Change Management Supporting Coronavirus Exit
Updated: May 29
My phone and e-mail have been very busy over the last few weeks with clients and the media asking how change management can help the post-coronavirus environment. For me, change management is an urgent and near perfect fit. A couple of months ago, I was speaking at the annual ASQ Conference in Phoenix, Arizona about ‘Embracing Change during the Fourth Industrial Revolution (4IR)’. I spoke about how 4IR was changing our working and home lives like never before. I used the example of 4IR impacting car ownership, moving us to electric cars, and the hydrogen engine in the pipeline promising further change disruption.
A few weeks later, I was in Germany leading a Change Management Gamification Workshop with an automotive client, preparing them to lead their change. I just about left the country before they started lockdown. Within a few days of returning to the UK, the US announced that anyone who had been in mainland Europe within the last two weeks would not be allowed entry to the US. That meant I would not be able to speak at two conferences I had lined up, both scheduled within that two-week period. Both events took months in preparation and the logistics costs may never be refunded. In the end, it didn’t matter about my travel restriction because, within days, both conferences were cancelled. Ultimately, what really matters is the impact of the coronavirus, as you know, many people have died and many more will suffer long-term health effects.
For now, 4IR is on hold while we change to suit our new circumstances and the coronavirus environment, but the need for change management has never been greater. When implementing change, there are usually three key elements to consider. Firstly, we must deliver the change in a structured way, just like any project. Secondly, we need to get the employees to adopt the change, to understand what they need to do and ensure they do what is required. Finally, most change requires some sort of behavioural change, a new way of acting and behaving.
"Nothing remains the same and at some point in time, everything changes"
Three Key Change Management Elements:
1. Organisation Change Delivery: Nearly every organisation is facing major disruption in how they will do business in the future. For some, it will provide fantastic opportunities and for others dire challenges, along with a significant financial impact. The organisation will have to redefine how this change will impact their strategy. They should use a change management framework that supports programme change delivery. Start with a2CMF® Step One, ‘Change Definition’ and move through the remaining steps of the a2B Change Management Framework® to Step Ten, ‘Sustain’.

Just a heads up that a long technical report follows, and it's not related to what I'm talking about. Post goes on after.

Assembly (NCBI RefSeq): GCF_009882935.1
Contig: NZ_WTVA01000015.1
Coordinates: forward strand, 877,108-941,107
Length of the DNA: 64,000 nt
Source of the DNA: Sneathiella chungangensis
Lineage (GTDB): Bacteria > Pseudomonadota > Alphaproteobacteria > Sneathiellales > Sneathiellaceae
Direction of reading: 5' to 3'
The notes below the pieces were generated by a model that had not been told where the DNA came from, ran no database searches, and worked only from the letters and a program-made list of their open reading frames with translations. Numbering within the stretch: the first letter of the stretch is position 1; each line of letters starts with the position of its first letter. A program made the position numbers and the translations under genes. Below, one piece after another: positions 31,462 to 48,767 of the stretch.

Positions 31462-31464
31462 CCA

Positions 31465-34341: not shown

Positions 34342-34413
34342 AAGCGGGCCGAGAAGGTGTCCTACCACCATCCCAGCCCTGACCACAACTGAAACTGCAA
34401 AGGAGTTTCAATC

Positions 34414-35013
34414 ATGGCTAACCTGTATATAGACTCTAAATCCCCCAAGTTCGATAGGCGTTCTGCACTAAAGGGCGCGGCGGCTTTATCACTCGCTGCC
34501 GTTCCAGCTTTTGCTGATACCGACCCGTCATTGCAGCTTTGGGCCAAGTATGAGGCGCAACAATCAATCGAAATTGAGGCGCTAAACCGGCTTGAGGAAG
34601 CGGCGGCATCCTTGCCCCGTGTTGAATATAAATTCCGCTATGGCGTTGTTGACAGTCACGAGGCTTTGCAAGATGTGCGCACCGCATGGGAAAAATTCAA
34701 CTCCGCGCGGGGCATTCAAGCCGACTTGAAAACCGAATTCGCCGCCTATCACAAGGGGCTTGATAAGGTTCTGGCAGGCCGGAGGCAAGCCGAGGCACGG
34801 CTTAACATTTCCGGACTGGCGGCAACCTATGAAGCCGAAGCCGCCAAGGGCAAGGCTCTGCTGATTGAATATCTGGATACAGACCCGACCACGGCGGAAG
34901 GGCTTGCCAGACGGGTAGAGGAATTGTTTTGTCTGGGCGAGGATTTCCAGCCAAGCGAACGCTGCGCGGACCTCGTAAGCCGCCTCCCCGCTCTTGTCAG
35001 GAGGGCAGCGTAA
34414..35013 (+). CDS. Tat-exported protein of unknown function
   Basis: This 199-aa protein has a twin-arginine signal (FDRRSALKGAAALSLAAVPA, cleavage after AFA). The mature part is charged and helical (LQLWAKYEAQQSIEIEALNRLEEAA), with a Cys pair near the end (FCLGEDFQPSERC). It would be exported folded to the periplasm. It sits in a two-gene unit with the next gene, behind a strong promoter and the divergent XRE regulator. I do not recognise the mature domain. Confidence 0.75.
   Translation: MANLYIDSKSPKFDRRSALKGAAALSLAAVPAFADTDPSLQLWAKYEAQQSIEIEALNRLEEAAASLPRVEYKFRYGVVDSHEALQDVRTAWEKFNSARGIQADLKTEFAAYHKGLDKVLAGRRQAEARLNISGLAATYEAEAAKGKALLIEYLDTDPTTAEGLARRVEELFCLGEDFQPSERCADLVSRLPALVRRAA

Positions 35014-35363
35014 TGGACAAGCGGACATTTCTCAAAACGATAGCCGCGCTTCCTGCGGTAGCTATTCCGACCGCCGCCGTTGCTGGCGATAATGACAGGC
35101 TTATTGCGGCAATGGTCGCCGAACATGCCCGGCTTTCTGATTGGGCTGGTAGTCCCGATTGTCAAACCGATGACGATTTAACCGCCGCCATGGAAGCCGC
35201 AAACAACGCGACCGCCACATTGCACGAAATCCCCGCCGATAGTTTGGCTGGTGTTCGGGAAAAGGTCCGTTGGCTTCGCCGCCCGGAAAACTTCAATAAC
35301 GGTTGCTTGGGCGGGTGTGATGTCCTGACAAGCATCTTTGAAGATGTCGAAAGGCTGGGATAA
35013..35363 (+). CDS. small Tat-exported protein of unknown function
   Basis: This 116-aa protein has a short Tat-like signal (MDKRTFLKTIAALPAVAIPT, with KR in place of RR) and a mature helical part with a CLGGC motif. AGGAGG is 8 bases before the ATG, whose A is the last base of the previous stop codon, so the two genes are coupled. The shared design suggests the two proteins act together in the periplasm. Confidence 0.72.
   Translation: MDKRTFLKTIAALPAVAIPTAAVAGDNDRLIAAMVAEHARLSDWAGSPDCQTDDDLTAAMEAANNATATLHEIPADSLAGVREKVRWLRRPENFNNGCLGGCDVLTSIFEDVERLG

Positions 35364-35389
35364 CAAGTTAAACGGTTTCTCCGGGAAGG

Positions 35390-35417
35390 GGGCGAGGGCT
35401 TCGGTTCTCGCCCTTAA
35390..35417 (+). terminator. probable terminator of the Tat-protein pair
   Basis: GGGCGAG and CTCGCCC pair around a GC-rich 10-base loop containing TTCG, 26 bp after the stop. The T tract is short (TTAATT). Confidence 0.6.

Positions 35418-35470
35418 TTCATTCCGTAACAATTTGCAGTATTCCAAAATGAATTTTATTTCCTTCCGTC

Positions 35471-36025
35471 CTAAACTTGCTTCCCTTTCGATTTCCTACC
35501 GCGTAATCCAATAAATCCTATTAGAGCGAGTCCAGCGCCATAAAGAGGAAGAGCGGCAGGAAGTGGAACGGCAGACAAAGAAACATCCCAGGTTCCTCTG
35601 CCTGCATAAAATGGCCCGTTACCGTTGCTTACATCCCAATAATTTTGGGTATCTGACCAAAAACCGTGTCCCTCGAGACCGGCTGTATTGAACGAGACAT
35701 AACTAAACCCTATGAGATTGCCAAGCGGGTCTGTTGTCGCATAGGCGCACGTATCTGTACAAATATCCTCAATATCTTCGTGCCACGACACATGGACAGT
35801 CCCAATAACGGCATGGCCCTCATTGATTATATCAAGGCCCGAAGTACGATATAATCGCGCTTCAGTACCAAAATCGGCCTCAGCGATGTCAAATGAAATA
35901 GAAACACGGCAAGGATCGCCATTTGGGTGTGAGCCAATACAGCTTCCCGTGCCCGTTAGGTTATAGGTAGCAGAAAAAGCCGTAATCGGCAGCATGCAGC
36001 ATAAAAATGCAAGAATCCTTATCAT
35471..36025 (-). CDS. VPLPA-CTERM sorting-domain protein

"Unless the change programme is continually aligned to the organisation’s strategy, vision and capacity it will not deliver speedy benefits or value to the organisation"
2. Employee Change Adoption: The way employees will approach and manage their work will change like never before, impacting not just how and where we work but also our home, family and social lives. For any change to be successful, it needs employees to take on the new way of working. Engaging and communicating with the employee has to start earlier and needs to be continuous through the change. Employees will need Awareness, Understanding, Involvement, Learning and Motivation (AUILM®) to adopt new working practices. Organisations are being forced to visit their digital transformations faster and we will all have to learn new methods of long-distance communication (virtual/remote). Again, there will be opportunities and challenges.
“For change adoption to be successful, leadership needs to ensure employees are supported to develop the new skills, behaviours and motivation that delivers improved future organisation performance”
3. Behaviour Change: One of the most challenging aspects of any change programme, especially situations like the coronavirus, is the way in which we address employee behaviour. We have seen it impact the way we behave and live our lives. We know that social distancing is here to stay. For the change to be successful, new behaviours will be required. We need to Recognise that our old behaviours will have to change. We will need to Redesign new behaviours and make a Resolution to make these the new way we act. Replicate these new behaviours in day-to-day life, and support from everyone to achieve this will help to Reinforce (a2B5R®) and sustain the behaviour change. This is one of the most challenging aspects of any change.
"If you do not change employee behaviour, you will not get organisational change or performance improvement"
Of course, the key elements above cannot be successful on their own, effective sponsorship, leadership and change capability are both required. The leadership teams need to define their change and vision, and be aligned on their strategic objectives. They need to be a high performing team. They will need change leadership skills and knowledge to successfully lead the change their organisation is facing. Finally, they need change capability (whether internal or external) to support them in delivering the change that enables their organisation to at least survive the coronavirus.
"Change waits for no leader and the skills required for leading day-to-day operations are very different to change leadership"
Peter F Gallagher is a Change Management Global Thought Leader, Expert, International Speaker, Author and Leadership Alignment Coach.
Ranked #1 Change Management Global Thought Leader: Top 50 Global Thought Leaders and Influencers on Change Management (May 2020) by Thinkers360.
Business Book Ranking: Change Management Pocket Guide - Leadership of Change® Volume 2, ranked within the top 50 Business and Technology Books (Jan 2020) from Thinkers360 Thought Leaders.